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Spain plans €1 billion rescue for hard-up towns

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Spain plans €1 billion rescue for hard-up towns
At the height of the crisis in 2012, schools and hospitals in some regions struggled to pay their heating bills as providers who had not been paid cut off services. Photo: Cristina Quicler/AFP
16:53 CEST+02:00
Spain will offer up to €1 billion ($1.3 billion) in loans to hard-up town halls to settle their debts for healthcare, schools and other essential services, an official said Monday.

The plan is part of a 2015 national budget that aims to strengthen Spain's recovery after it emerged from recession in mid-2013 and prevent further financial turbulence.

At the height of the crisis in 2012, schools and hospitals in some regions struggled to pay their heating bills as providers who had not been paid cut off services.

Several of Spain's regions turned to an emergency credit line set up by the national government to stabilise their public finances.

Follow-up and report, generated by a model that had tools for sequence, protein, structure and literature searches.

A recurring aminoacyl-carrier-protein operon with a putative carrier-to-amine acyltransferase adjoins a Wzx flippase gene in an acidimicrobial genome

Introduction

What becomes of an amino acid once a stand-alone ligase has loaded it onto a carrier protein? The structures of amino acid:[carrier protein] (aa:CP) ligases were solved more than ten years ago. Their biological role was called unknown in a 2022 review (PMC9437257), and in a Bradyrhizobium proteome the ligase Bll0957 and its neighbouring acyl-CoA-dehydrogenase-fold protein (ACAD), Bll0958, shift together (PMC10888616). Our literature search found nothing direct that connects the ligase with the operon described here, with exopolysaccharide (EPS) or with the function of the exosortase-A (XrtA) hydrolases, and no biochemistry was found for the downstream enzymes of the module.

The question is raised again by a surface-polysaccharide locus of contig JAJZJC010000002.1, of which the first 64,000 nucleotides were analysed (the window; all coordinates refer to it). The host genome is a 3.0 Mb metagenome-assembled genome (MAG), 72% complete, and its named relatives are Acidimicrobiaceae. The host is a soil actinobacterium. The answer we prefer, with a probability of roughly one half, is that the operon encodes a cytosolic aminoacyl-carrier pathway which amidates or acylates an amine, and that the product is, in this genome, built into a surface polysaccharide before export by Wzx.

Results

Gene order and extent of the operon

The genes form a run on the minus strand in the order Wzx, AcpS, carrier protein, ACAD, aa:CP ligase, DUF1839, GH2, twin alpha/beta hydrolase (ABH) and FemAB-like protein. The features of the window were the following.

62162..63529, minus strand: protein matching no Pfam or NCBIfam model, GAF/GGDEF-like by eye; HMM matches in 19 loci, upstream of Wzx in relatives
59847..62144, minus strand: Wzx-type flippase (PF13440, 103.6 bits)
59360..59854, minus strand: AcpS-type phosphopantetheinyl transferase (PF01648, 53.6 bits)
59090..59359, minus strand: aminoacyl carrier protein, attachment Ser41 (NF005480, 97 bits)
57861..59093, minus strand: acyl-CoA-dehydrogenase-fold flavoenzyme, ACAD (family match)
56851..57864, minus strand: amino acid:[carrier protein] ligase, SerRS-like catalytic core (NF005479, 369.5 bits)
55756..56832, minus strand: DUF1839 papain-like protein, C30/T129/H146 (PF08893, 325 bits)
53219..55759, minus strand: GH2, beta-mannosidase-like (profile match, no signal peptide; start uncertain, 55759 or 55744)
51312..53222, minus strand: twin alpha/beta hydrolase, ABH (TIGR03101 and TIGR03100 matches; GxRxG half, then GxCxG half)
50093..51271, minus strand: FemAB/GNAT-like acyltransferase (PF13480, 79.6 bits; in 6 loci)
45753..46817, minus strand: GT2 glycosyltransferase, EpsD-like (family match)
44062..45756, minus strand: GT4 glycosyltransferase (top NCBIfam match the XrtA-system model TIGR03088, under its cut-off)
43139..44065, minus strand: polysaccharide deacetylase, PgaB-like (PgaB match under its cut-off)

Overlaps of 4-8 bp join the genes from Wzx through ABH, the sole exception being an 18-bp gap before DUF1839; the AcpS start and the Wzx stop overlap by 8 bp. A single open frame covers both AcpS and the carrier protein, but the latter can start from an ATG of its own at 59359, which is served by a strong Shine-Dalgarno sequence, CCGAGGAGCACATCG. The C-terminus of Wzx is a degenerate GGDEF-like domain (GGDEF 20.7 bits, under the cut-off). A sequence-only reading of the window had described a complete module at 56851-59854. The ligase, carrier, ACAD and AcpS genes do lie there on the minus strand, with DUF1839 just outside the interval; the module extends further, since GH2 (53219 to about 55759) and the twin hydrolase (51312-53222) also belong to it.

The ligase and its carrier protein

Many local authorities that rely on the regional governments for financing, however, complain that funding still has not trickled down to help them settle their debts.

As part of the ongoing credit line therefore, in 2015 "there will be a share, a billion euros at most" to help the regions settle debts on behalf of the local authorities, a source in the Treasury told AFP.

This will "provide loans for the regions to pay the local authorities for social, education and health services" for which they owe money to providers.

Budget Minister Cristobal Montoro said last week it was necessary "to guarantee funding of the welfare state" in places where local authorities are still in debt for essential services.

Montoro made those comments when outlining the plan on Friday, ahead of municipal elections due in May 2015.

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